The new changes to the WSL competitive format go beyond the Triple Crown but can grow and come with their own set of benefits and drawbacks depending on who you ask. If you were to ask the opinion of non-professional surfers, they may like the idea of less surf events during the Hawai’i winter season, which means less crowds on the north shore, in and out of the water, and more access to their favorite waves. If you were to ask the opinion of a competitive surfer from Hawai’i, they may be upset about the fact that the venue that showcased local talent against the world’s best surfers has changed. The way it stands now, surfers from Hawai’i and those from Tahiti are in the same region and must compete in regional events before they can qualify for the top tier Challenger Series events like the one at Haleiwa. If they accumulate enough points in their region, they can compete in the non-regional events and if they do well enough in those events, they can qualify for the Championship Tour. This is different from years past, where those regional surfers could choose nearly any event on the WSL qualifying tour schedule. Some might see this benefit the amount of traveling required by lower rated surfers trying to rank up, and some may see this as hindering that same surfer’s ability to choose which events they want to do.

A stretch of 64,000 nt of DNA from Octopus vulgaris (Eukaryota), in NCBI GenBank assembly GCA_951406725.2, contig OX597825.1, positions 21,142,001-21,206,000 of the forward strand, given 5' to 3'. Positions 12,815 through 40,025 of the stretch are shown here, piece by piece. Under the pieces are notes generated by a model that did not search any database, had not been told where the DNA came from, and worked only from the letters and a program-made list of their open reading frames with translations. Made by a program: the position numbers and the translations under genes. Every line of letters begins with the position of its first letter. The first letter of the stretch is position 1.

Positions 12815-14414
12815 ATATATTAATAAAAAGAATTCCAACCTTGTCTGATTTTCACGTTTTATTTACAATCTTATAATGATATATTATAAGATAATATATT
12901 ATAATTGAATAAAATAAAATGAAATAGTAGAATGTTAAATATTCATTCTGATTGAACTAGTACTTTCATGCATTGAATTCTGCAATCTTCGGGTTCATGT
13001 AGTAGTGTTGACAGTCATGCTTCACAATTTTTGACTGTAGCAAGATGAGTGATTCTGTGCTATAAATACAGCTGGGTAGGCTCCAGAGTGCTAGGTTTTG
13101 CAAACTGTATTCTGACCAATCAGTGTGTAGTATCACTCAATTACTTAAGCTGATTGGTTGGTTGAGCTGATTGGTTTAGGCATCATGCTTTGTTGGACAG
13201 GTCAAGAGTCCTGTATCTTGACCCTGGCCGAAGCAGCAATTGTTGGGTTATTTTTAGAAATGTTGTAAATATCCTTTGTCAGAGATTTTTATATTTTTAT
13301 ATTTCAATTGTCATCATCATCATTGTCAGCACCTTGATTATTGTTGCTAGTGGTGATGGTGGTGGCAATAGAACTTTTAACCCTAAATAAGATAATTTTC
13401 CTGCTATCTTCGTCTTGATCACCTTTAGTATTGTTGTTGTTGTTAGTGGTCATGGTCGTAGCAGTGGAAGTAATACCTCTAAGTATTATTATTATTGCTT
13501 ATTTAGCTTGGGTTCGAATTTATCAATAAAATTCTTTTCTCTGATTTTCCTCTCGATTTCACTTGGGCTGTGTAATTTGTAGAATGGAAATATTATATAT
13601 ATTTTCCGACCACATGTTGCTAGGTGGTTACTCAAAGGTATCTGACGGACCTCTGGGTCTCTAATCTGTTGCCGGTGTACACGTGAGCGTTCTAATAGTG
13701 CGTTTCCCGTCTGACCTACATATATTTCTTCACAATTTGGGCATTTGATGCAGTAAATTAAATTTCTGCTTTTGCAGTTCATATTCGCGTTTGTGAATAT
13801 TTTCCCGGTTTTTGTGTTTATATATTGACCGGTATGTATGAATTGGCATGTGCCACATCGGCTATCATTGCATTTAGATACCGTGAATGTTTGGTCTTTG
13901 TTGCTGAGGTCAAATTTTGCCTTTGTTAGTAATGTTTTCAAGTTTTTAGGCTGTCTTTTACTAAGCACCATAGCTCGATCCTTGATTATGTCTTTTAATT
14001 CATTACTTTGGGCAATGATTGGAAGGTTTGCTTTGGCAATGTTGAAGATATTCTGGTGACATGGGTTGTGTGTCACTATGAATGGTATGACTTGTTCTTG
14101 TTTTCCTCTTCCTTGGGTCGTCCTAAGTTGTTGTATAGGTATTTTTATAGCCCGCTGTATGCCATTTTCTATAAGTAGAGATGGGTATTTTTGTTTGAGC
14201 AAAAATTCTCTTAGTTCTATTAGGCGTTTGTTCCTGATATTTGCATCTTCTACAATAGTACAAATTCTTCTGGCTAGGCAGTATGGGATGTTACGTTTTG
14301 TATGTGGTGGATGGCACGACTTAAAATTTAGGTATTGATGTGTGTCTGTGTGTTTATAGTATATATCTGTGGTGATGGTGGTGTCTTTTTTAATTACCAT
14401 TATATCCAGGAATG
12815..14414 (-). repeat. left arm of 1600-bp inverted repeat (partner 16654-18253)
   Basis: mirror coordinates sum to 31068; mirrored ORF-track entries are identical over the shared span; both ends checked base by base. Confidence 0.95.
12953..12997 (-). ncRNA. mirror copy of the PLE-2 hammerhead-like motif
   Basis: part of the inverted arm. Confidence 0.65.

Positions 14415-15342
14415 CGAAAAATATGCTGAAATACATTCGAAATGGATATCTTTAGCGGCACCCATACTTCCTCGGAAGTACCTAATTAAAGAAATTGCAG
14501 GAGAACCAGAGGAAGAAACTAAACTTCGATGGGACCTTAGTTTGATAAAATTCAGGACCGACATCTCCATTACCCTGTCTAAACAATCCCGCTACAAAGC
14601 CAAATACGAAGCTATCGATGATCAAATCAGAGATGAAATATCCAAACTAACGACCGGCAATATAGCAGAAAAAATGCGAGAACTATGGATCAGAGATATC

This year will be the first year we see the WSL’s changes in full effect. They are beginning the CT at Pipeline like last year, but this year it is in late January instead of early December, and the event at Sunset Beach is now in February. Some may see this as a positive, since Pipeline tends to see its best days later in the winter season. We’re also seeing a new trend this year, in that many of the tour surfers that usually take up residence on the north shore for months have shortened their stay drastically and have gone home in early December, which means they were able to spend more time at home during the holidays. 

For better or worse, change is inevitable. Competitive surfing has seen many changes and will continue to evolve and grow. We will miss watching Hawai’i's hometown heroes battle it out with the world's best. We’ll miss the traditional three contest format we’ve come to know and love, the drama, the competitive energy that builds from each event to the next, culminating at Pipeline. We’ll miss seeing locals like Michael Ho and Johnny Boy Gomes crowned champion after surfing all the way from the low seeds or the Pipe trials to take the win. We’ll miss seeing unlikely champs like Big Island’s Myles Padaca take down a field of top professionals, or Kauai’s Sebastian Zietz clinch the Triple Crown title while also qualifying for the World Tour. Sure, you can still tune in and catch the action online, but it would be hard to replace being there in person, and the history that the Triple Crown has brought to competitive surfing. 

Despite all these changes, one thing is certain, surfing in Hawai’i is alive and well. And as it has been for centuries, surfing will always remain a passion deep in the heart of the watermen and women who call Hawai’i home.